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Elcho Castle is situated about five miles from Perth, near the river Tay, couple of miles from the village of Rhynd. It's not a particularly famous or iconic castle, but it's a well preserved one and in a superb setting. The castle goes back to late 16th/early 17th century and the estate has been in the Wemyss family since 1468. It's still nominally owned by the Earl of Wemyss, but it's in care of Historic Scotland (£3.70 adult admission price, free to members or holders of the Explorer Pass). The castle itself is still standing, and is much more than a picturesque ruin. All walls, floors and roofs are still there (it was re-roofed in the 19th century) and although very little of the original interior features still remains, the building itslef gives a good idea of what life was like for the family and its retinue of servants and retainers. It's essentially a huge stone-built tower house, which originally has been surrounded by a courtyard with many smaller-scale buildings of which little remains today. It's still very much a defensive structure: there is only one door, well defended by gunloops, ground-floor windows are small and heavily barred, and the walkways and guard towers on the roof level reinforce the impression. But Elcho Castle was built as a home as well as a stronghold. Most of the ground floor is taken up by a large kitchen, with huge fireplace and several adjoining storage and function chambers. A sweeping staircase (the largest one) leads to the first floor and the great hall, in which a large table, a fireplace and some wrought-iron candlesticks give more idea of what the room was like when filled with inhabitants and visitors. Sometimes, there is a dressing-up box in the hall that allows the visitors to try on some period-style hats and other garments. There are three other staircases in the castle, much narrower and steeper than the main one, which lead to many bechambers (several with what seems like en-suite toilet facilities) and all the way up to the roof-level walkways from which magnificent views of the surrounding countryside and the river Tay. On the riverside of the castle there is a disused quarry (probably used when the castle was being built), now a shady overgrown garden, but apparently it was originally linked to the river and provided the castle with a private dock! The surrounding grounds are very pleasant, with some ruined walls of the original courtyard buildings, a cute stone-built cottage and expanses of grass lawn, shaded by old beech trees and several picnic tables near the (new) orchard. On a sunny day it's a nice place to have a picnic lunch, and if you pick your spot well, you will be able to see between the trees to the river, and the other bank with some red fishing boats. Unfortunately there is no access to the Tay from the castle grounds: apparently there are some plans (or at least, ideas) to develop such access, and have a jetty with a water-taxi service, but as for now, the views of the river is what visitors have to be content with. Outside the main site, before the car park and the gate, there is a recently restored stone dovecot, an attractively conical building which can be walked into (there is no pigeons - the top hole has been covered by a transparent domed window), prettily situated by a small burn. There is a small gift shop which also sells ice-cream and hot and cold drinks, but no food so if you are planning this picnic, bring your own provisions. It's a quiet site, and on weekdays you are likely to be one of only few visitors - or may even have it to yourself. It gets busier on weekends and holidays, but is never crowded. Despite being only about five miles from Perth, Elcho Castle feels incredibly secluded: located in the corner of a rolling countryside, between M90, river Earn and river Tay, it has a quiet, almost time-forgotten feeling: a hidden gem. There is no public transport whatsoever, so you need to drive. The castle is couple of miles down winding, mostly single-track road from the village of Rhynd (which has no public transport either). It's well sign-posted from Perth (leaving Perth turn left off Edinburgh road just before the slip road to M90, coming off M90 turn first right, while still on dual carriageway ) or Bridge of Earn (turn right just after the bridge). You need to drive through a working farm to get to the castle itself and at the time of writing (June 2009) there was some major electrical work going on at the farm and the cars had to be parked on a grass verge before: a short (maybe five minutes) walk, although with more visitors I can imagine parking and particularly turning round being a bit of a pain. Elcho Castle is not really accessible to the wheelchair bound, apart from a part of the lawn. Inside of the building has uneven floors and lots of stairs, while part of the grounds (including that leading to the toilets) is steep lawn. There is no disabled toilet. Small children should be able to enjoy Elcho with no problems, though the narrower staircases might be a bit of a challenge to any under three, so prepare yourself to carry your toddler if you want to go all the way up. Open April to October.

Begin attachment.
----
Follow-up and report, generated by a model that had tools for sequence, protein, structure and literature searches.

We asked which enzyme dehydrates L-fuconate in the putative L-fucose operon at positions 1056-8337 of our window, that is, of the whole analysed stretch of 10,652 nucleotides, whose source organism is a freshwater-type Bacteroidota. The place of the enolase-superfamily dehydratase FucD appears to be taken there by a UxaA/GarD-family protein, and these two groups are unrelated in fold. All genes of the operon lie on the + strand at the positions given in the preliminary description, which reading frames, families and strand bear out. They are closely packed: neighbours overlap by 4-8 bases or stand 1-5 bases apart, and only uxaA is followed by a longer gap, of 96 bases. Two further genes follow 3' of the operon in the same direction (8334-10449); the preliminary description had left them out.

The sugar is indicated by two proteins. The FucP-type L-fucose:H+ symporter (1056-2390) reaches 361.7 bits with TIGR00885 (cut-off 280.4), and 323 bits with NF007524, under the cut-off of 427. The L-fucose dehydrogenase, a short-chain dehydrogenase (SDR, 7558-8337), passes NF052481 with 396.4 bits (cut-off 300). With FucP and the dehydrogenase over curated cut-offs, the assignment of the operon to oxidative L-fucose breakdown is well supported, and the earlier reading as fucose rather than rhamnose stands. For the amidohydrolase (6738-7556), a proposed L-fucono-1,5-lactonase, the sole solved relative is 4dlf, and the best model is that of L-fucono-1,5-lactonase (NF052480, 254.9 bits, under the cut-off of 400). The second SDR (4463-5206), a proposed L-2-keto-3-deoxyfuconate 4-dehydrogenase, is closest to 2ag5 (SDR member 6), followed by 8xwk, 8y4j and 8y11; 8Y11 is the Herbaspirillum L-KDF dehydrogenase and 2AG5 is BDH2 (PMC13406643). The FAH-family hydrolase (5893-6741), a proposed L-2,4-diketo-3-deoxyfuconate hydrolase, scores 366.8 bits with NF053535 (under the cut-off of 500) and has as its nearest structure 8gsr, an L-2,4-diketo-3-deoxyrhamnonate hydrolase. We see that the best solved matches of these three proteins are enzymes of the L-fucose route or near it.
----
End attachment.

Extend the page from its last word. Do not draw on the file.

This castle dates back to the early 1500's.